Wednesday, August 15, 2012

Member Spotlight: Karen Mahoney of City by the Sea Ceramics

Karen Mahoney of City by the Sea Ceramics has been a member of Boston Handmade since January 2010 and she is as hard working an artist as can be. Karen participates in craft fairs and art shows every month, and sometimes every week. She recently set-up a ceramics studio in her own home and is a full-time potter.

In this Spotlight we salute Karen for being a tireless cheerleader for Boston Handmade and an inspirational working artist. We asked her a few questions here and we hope you find the answers as interesting as we do...

BH: Karen, we know that you have a beautiful line of pots - - wheel thrown, hand built, and fired with Raku and sawdust techniques, but when and how did your interest in ceramics begin?
KM: I first worked with clay about ten years ago as a student and wanted to follow a career in pottery then but talked myself out of it. I wasn't around clay for a few years but got back into it when I moved to Massachusetts and began a job at a local studio. I loved it again and decided I did want to pursue it after all instead of getting a degree in art history, which was the plan when I moved here.

BH: You participate in many local craft fairs and sell your work online, but in this leaner economy when people are spending less on "luxury items" how do you sustain your business?
KM: It seems to me that people are finding the small pleasures and embracing them. Drinking from a cozy handmade mug filled with some really good coffee you made at home every morning is still a luxury and a bargain compared to dropping $3 every morning getting coffee out. At the same time I think there is an excitement right now for handmade items, people are buying things with more awareness of who made it and where it came from. Shoppers are being more mindful about their purchases and wanting to shop with people they can connect with.

BH: Have you ever explored other types or art making, other mediums besides clay?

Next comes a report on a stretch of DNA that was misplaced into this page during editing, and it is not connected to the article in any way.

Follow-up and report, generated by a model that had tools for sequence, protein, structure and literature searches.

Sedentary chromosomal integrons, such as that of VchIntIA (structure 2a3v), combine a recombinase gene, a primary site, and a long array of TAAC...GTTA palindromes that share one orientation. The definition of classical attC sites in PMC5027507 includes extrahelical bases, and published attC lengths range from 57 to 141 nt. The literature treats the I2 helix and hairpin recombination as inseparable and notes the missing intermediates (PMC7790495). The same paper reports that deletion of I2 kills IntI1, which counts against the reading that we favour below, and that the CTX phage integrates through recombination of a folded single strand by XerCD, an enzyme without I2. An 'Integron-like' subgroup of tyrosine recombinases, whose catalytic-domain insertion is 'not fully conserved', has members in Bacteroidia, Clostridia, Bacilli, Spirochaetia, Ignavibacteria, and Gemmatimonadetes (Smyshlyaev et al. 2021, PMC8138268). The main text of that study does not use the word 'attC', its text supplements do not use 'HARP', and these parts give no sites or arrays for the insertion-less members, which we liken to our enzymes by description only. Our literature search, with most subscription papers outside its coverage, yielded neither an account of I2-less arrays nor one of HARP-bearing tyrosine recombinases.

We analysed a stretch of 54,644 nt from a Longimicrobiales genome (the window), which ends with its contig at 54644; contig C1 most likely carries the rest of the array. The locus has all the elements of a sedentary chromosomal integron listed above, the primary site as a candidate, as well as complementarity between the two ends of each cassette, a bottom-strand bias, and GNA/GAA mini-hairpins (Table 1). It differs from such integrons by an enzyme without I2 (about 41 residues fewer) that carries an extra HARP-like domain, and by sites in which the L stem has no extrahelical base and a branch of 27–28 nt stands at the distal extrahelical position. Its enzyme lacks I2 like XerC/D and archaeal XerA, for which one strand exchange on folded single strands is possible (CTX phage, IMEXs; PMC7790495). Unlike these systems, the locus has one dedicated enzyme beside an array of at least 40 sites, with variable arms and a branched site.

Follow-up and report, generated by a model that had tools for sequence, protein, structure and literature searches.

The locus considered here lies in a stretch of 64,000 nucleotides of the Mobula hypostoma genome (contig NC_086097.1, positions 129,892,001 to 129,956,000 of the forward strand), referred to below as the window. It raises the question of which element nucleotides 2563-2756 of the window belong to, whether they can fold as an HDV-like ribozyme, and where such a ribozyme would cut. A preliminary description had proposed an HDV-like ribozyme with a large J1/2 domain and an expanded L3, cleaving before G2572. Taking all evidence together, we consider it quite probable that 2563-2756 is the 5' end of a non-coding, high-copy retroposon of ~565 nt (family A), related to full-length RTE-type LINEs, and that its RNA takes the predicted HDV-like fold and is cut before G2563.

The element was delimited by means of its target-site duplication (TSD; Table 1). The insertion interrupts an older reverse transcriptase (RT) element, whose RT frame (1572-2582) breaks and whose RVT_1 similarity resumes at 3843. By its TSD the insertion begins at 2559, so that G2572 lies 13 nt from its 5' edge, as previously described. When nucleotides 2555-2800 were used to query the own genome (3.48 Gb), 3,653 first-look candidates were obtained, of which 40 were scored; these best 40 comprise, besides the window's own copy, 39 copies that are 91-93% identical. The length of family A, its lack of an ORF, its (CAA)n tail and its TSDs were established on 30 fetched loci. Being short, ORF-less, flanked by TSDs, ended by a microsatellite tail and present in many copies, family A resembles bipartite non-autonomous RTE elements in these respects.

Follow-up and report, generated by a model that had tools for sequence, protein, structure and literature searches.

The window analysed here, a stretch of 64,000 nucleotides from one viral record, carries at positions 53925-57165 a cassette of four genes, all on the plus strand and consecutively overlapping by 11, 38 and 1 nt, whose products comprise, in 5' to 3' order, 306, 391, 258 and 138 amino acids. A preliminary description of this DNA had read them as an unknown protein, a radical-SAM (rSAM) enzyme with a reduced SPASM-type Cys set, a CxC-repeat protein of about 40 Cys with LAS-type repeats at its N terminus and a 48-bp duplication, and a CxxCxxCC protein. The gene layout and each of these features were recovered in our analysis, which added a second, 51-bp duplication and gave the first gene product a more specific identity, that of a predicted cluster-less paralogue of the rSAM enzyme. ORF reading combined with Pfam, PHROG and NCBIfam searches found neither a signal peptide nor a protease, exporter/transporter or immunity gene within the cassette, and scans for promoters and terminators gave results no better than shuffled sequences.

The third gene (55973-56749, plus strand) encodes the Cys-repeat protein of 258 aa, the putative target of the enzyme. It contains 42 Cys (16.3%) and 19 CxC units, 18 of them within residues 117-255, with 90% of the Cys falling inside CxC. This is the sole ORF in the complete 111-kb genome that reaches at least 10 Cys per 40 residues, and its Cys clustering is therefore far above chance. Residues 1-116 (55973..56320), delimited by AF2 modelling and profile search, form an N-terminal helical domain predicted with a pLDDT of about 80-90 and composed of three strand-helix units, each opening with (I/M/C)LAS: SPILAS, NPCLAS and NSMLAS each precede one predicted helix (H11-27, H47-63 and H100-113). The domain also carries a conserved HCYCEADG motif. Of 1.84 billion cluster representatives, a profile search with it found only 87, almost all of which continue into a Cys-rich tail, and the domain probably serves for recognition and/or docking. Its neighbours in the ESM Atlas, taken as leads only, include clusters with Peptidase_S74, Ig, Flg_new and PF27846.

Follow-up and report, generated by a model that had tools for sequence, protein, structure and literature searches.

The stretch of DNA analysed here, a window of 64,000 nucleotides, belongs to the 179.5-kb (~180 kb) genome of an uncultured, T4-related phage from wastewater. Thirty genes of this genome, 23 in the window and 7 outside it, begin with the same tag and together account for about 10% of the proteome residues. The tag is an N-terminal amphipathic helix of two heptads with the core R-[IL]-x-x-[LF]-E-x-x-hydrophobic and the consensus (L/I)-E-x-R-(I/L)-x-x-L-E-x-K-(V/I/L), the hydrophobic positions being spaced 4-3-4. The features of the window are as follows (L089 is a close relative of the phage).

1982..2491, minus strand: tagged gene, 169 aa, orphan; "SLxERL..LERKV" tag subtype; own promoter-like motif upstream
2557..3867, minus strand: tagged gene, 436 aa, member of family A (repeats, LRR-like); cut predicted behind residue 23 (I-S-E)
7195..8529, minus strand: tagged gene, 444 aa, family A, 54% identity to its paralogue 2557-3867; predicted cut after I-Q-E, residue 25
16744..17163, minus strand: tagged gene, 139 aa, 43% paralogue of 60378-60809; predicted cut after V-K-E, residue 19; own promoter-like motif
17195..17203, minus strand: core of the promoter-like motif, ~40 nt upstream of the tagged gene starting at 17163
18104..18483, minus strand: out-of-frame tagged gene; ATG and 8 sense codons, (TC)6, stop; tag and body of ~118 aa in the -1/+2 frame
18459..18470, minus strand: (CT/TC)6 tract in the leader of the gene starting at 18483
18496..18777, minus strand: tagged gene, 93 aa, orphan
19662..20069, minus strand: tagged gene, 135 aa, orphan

KM: I really like painting with oils and drawing with charcoal and oil pastels but haven't done any of it in a long while. These days it's more knitting and random craftiness, like weaving a basket with the velcro strips that come around my heads of lettuce.

BH: You recently had a big life change in the form of a move and separation from your long-time studio, how is the new set-up working out for you? How is the new studio experience different from the old one?
KM: There are definitely challenges setting up a studio for the first time and doing without the large space and really nice equipment I had access to, but I still wouldn't trade it back. There were challenges at the old studio too, just very different ones. Having my own space allows me more freedom, sanity, and focus, three things I really need and get cranky if I don't have.

BH: Ok, admittedly this is kind of an annoying college essay/job application question, but we're dying to know: you've accomplished so much in recent years, exhibiting your work internationally, having your work included in well known publications, so where do you see your work in 5 years?
KM: I'm always getting better and see it in my work constantly. My style is also evolving over time, so I'm very excited to see where it is in 5, 10, even 20 years. While I notice this progression more, I sometimes have a hard time seeing how far I've come with accomplishments because I'm focused on how far I still want to go. Yes, I'm in books, magazines, and have exhibited abroad, but I've got my eyes on bigger books, magazines, and exhibits. So hopefully, in 5 years I will have progressed enough to get me to these greater goals and will be running down that path.

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